Four years ago, Ramia Saidawi left Syria, with her husband and two girls, for a life of safety in New Zealand. Ramia told UNICEF NZ about the day a bomb narrowly missed her daughters’ school and leaving everything to make a life on the other side of the world.
Damascus was a risky place to live in 2013. The Syrian war was two years old by that point, and it was affecting everything.
Gasoline was scarce and there were power outages for up to 18 hours a day. People struggled to find basic items like bread, yogurt and milk, and in winter we were continuously cold because it was so hard to heat our home. When we had electricity, I would turn on the tiny spotlights on our ceiling just to get the sense of heat and make life more bearable.
My girls were still in primary school, and at the time I didn’t realise how even small changes were affecting them. Before the war, I used to take them to swimming lessons but the pool was forced to close as there was no way of heating it. They found it hard to understand the war or why their lives had changed so much. No child should have to live in fear. We all lived in fear.
It was one of the scariest days of my life. I desperately wanted to feel my daughters in my arms, but the area had been sealed off and no one could go in or out. For two hours I desperately tried to find a way in. Fortunately their Grandmother was finally able to reach them.
After that, I was constantly worried. When the girls were at school, I was always checking the news to make sure that they were ok at school. I wouldn’t even let them take the school bus because I couldn’t track the bus route.
As a mother, I know how important the first seven years of a child’s life are – it’s when they learn about the world around them. What my girls were learning was that bombs, destruction and people killing each other was normal. They were learning that being cold and living without electricity was normal. They were learning that not knowing where your next meal coming from was normal.
Syria was my home, but it was no longer a safe home for my kids.
It felt so selfish to leave – I wanted to continue supporting Syrian children but I also needed to keep my own daughters safe.
My husband started looking for jobs abroad and was soon accepted at Datacom in New Zealand. Not ever anyone is so fortunate. As I said goodbye to my mum and brothers, suddenly my family seemed very small. My daughters asked me if they would ever see their friends again. I didn’t have an answer.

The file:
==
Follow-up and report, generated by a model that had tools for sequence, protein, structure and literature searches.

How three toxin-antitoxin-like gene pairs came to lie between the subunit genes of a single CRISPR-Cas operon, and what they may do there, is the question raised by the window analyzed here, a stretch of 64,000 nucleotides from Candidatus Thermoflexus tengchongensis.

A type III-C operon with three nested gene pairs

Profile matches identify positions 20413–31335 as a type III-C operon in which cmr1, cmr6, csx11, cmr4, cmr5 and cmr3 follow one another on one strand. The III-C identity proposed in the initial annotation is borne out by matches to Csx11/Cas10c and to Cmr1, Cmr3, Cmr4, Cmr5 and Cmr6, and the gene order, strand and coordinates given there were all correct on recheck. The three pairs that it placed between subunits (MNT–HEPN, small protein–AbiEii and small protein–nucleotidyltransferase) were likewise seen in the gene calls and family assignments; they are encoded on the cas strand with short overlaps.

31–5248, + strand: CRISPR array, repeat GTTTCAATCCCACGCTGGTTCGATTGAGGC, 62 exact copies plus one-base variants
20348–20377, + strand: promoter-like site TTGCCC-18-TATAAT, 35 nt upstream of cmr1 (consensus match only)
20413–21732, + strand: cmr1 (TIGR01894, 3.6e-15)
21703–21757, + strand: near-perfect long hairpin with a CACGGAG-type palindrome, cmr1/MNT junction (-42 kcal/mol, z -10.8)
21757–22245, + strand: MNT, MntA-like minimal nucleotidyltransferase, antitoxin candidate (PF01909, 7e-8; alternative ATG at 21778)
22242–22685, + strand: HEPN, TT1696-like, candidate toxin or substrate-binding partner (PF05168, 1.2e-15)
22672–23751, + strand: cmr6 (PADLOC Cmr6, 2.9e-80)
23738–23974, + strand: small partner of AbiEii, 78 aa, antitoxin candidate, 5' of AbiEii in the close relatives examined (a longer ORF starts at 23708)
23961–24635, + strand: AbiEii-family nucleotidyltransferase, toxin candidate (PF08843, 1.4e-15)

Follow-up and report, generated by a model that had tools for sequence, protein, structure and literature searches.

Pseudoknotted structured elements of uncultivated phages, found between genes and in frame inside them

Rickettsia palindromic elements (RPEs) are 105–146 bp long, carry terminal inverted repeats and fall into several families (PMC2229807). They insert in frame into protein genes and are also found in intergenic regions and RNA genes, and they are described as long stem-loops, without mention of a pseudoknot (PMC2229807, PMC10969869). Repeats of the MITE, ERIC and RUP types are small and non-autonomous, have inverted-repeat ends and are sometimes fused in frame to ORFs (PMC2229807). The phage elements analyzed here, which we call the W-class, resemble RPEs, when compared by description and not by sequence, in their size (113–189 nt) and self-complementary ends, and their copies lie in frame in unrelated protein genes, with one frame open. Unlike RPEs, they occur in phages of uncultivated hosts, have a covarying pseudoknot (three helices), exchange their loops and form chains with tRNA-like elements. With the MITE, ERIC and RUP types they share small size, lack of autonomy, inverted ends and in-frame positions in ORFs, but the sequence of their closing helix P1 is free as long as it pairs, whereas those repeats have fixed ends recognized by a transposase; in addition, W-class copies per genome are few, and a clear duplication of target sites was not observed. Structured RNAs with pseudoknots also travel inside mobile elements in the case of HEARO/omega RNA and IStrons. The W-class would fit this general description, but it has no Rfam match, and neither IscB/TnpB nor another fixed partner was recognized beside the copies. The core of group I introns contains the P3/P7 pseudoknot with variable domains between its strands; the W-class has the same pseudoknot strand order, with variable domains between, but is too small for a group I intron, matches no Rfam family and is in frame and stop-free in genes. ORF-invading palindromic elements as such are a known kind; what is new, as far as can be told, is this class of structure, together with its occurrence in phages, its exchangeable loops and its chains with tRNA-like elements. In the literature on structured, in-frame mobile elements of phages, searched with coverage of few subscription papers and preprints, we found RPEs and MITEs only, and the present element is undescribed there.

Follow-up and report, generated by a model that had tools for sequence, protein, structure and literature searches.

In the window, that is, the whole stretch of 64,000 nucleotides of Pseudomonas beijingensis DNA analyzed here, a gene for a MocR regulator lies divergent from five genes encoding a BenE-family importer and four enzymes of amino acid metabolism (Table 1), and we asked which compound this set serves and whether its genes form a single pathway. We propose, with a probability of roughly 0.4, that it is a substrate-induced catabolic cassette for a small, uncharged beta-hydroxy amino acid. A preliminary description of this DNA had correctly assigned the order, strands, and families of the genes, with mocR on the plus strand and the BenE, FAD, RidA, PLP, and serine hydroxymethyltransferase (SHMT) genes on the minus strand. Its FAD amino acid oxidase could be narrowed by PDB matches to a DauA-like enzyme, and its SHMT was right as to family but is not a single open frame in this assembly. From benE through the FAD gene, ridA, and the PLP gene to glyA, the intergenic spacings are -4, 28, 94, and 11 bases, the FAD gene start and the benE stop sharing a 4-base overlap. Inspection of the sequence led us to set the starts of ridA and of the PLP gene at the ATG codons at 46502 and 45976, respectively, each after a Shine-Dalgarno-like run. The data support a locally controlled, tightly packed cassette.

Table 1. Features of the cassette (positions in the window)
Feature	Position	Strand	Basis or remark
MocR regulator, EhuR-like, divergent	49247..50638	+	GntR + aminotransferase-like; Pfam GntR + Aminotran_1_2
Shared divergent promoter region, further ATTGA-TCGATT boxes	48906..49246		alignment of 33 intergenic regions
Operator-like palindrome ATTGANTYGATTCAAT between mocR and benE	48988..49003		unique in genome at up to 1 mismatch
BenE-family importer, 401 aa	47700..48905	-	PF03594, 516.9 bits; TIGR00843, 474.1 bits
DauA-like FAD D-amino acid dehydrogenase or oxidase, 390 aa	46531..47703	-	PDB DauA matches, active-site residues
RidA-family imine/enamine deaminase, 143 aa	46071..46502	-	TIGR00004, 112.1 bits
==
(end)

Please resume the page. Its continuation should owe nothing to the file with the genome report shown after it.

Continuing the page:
It took a while to adjust to life in New Zealand. Although I wasn’t a refugee, I had all the feelings of being forced to flee my home. My daughters were nervous about starting school in New Zealand, but they threw themselves into learning English and before long my oldest daughter won a speech competition. She told me it was like winning an Olympic medal!
I want my daughters to be proud of who they are. I want them to embrace this peaceful country but also stay connected to their Syrian culture as well.
Syrian children are braving the cold with little more than the clothes on their back.
When we moved to New Zealand, my daughters were so surprised by the weather.
They kept asking me “When is winter going to come?” They remember the bitterly cold Syrian winters and struggling to stay warm. They worry about their elderly Grandmother still in Damascus and all the children still trapped in this horrific war.
When someone says “We feel your agony, we feel your pain and we want to do something to make it better for you”, it’s so powerful. It’s a feeling that warms your insides and gives you hope that one day you will be able to stand on your feet again.
The war in Syria has left refugees in desperate need of aid.
When you support Syrian children, it’s not just a gift of a blanket or a winter coat. It’s telling them that someone cares, especially if it’s from someone who lives far, far away.
When the world you know is being destroyed, a tiny gesture like that is all it takes to know that you are not alone.
To help UNICEF keep a Syrian child in warm this winter, please donate here